Tuesday, July 25, 2017

Scott Sumner VS Scott Alexander

I think this is both entirely true and entirely missing the point. The intuition behind meritocracy is this: if your life depends on a difficult surgery, would you prefer the hospital hire a surgeon who aced medical school, or a surgeon who had to complete remedial training to barely scrape by with a C-? If you prefer the former, you’re a meritocrat with respect to surgeons. Generalize a little, and you have the argument for being a meritocrat everywhere else. 
The Federal Reserve making good versus bad decisions can be the difference between an economic boom or a recession, and ten million workers getting raises or getting laid off. When you’ve got that much riding on a decision, you want the best decision-maker possible – that is, you want to choose the head of the Federal Reserve based on merit. - Scott Alexander, Targeting Meritocracy

But 12,000 humans is much better than 12. Two days after Lehman failed the FOMC met and refused to cut rates from 2%, seeing a roughly equal risk of recession and inflation. The markets were already seeing the oncoming disaster, and indeed the 5 year TIPS spread was only 1.23% on the day of the meeting. The markets aren't always right, but when events are moving very rapidly they will tend to outperform a committee of 12. In fairness, this "recognition lag" was not the biggest problem; two far bigger problems included a failure to "do whatever it takes" to "target the forecast." That is, the Fed should move aggressively enough so that their own internal forecast remained at the policy goal. And the second failure was not engaging in "level targeting", which would have helped stabilize asset prices in late 2008, and made the crisis less severe.  
Bernanke once said there is nothing magical about 2% inflation. Nor is there anything magical about 12 members on the FOMC. The wisdom of crowds literature suggests you want a large number of voters, with monetary incentives to "vote" wisely. So there are actually three approaches. The Friedman/Taylor "robot" approach. The Bernanke "wise bureaucrats" approach. And the market monetarist "wisdom of the crowds" approach. - Scott Sumner, Robots, committees, or markets?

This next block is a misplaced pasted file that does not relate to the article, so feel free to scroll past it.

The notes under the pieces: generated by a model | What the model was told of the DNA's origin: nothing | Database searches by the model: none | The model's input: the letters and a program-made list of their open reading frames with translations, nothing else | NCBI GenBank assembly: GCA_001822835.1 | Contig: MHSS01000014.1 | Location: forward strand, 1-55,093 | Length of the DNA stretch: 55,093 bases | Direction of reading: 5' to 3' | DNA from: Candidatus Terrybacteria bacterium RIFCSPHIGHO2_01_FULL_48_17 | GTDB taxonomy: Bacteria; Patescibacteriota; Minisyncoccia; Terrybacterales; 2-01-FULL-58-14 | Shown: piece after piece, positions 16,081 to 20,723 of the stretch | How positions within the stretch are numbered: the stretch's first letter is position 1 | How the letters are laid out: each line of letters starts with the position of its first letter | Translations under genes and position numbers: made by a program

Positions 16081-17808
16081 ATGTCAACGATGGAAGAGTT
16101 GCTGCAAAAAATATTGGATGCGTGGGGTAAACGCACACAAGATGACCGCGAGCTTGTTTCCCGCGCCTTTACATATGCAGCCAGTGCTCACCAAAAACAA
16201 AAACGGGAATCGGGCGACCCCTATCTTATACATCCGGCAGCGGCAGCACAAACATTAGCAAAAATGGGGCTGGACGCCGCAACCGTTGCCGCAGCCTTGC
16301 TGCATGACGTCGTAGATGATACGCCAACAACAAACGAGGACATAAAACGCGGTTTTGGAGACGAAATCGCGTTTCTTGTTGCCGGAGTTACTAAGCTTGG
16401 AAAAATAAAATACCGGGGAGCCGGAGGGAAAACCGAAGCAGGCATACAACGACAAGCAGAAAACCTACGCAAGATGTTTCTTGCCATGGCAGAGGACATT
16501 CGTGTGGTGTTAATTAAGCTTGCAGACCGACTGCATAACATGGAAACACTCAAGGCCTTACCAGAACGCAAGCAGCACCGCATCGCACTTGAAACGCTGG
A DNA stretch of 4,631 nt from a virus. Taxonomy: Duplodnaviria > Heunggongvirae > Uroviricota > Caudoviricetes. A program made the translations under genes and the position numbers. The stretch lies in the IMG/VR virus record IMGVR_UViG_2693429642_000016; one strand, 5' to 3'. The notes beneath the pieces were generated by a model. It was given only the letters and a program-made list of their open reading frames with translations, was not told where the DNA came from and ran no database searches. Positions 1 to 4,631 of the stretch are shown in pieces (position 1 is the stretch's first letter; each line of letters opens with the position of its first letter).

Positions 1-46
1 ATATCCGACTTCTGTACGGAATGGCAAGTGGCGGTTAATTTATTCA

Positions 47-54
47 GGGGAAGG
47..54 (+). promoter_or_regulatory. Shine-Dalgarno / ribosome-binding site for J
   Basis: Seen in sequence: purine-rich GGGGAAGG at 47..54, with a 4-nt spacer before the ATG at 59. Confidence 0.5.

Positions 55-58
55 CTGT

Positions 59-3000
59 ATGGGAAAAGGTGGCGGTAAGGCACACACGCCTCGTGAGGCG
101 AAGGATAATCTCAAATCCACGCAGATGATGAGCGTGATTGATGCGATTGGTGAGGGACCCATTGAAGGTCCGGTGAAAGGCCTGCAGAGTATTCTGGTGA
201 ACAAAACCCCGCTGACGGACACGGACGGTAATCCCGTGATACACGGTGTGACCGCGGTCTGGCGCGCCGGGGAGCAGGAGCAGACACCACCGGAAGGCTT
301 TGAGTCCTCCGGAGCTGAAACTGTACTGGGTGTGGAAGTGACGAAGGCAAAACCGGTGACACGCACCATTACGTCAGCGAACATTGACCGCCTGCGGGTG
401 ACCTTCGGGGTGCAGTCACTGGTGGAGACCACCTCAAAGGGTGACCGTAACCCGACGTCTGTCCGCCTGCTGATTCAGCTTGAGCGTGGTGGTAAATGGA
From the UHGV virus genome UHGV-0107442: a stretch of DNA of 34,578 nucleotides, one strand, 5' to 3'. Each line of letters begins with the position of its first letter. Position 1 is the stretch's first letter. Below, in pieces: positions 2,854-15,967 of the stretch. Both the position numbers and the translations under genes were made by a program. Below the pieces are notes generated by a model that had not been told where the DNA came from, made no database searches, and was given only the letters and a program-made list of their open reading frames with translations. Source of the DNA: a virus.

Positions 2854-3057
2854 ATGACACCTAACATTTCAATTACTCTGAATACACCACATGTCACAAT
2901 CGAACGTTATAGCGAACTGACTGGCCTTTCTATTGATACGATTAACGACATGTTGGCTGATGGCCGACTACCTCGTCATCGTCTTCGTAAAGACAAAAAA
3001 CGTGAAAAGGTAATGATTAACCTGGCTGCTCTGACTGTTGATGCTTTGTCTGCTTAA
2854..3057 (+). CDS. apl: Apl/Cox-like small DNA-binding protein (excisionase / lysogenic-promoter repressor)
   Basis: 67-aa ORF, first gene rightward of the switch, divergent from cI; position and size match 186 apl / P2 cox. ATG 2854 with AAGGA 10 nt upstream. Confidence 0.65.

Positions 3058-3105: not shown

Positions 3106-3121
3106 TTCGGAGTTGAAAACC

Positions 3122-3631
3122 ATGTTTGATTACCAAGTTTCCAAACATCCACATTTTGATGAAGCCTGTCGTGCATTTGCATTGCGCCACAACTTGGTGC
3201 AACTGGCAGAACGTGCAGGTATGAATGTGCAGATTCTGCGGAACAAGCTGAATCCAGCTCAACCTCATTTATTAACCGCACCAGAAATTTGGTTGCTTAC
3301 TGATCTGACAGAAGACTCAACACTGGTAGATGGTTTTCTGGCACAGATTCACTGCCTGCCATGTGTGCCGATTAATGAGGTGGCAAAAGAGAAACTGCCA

If my life depended on a surgery, I'd prefer it to be performed by the best surgeon.  Then again, I'm pretty sure that more heads are better than less heads.  So what about the 12 best surgeons?  Would the 12,000 best surgeons be even better?  Or would it be a case of too many cooks spoiling the broth?

No two surgeons would perform the same exact surgery in the same exact way.  This is because no two surgeons are equally informed or experienced.  If we expanded the pool of surgeons then we'd end up with a bell curve.  The outliers would perform very different surgeries.  This shouldn't be too difficult to appreciate if you've ever watched a hospital show where two surgeons strongly disagreed on how to proceed.

Let's imagine that Frank, the best surgeon, is about to operate on me.  Where should he make the incision?  He hits the "pause" button and time stops for me.  Then he waits for 12,000 surgeons to provide their input on where the incision should be made.  They all have access to the streaming video.  Frank sees all their X's superimposed on my body.  Should he make an incision where the X's are the densest?  No.  The 12,000 surgeons aren't equally confident in their information/answer.  Therefore, each surgeon must be given the opportunity to put their money where their answer is.  The more money a surgeon spends on their answer, the more weight it will have.  This means that the more confident surgeons will have more influence.

What comes to mind is a ouija board.  Eh, perhaps it's not the best example to use in this context.  Anyways, instead of a planchette there's a scalpel.  The scalpel is guided by the spending decisions of 12,000 surgeons.  In other words, it's guided by the Invisible Hand.  The maximum possible amount of information and experience, weighted by confidence, would go into my surgery.  Or would it?

Why not let all the surgeons in the world participate?  Why not include all the nurses as well?  If the premise is that people who are more confident in their information are going to be willing to spend more money on their answers, then there's no reason to prevent anybody from participating in my surgery.

The best surgeon is certainly better than the second best surgeon.  But I'm pretty sure that the best surgeon is far inferior to the market.

Is the best decision-maker always the market?  Yes!  But in some cases the technology isn't advanced enough to overcome the logistical issues.

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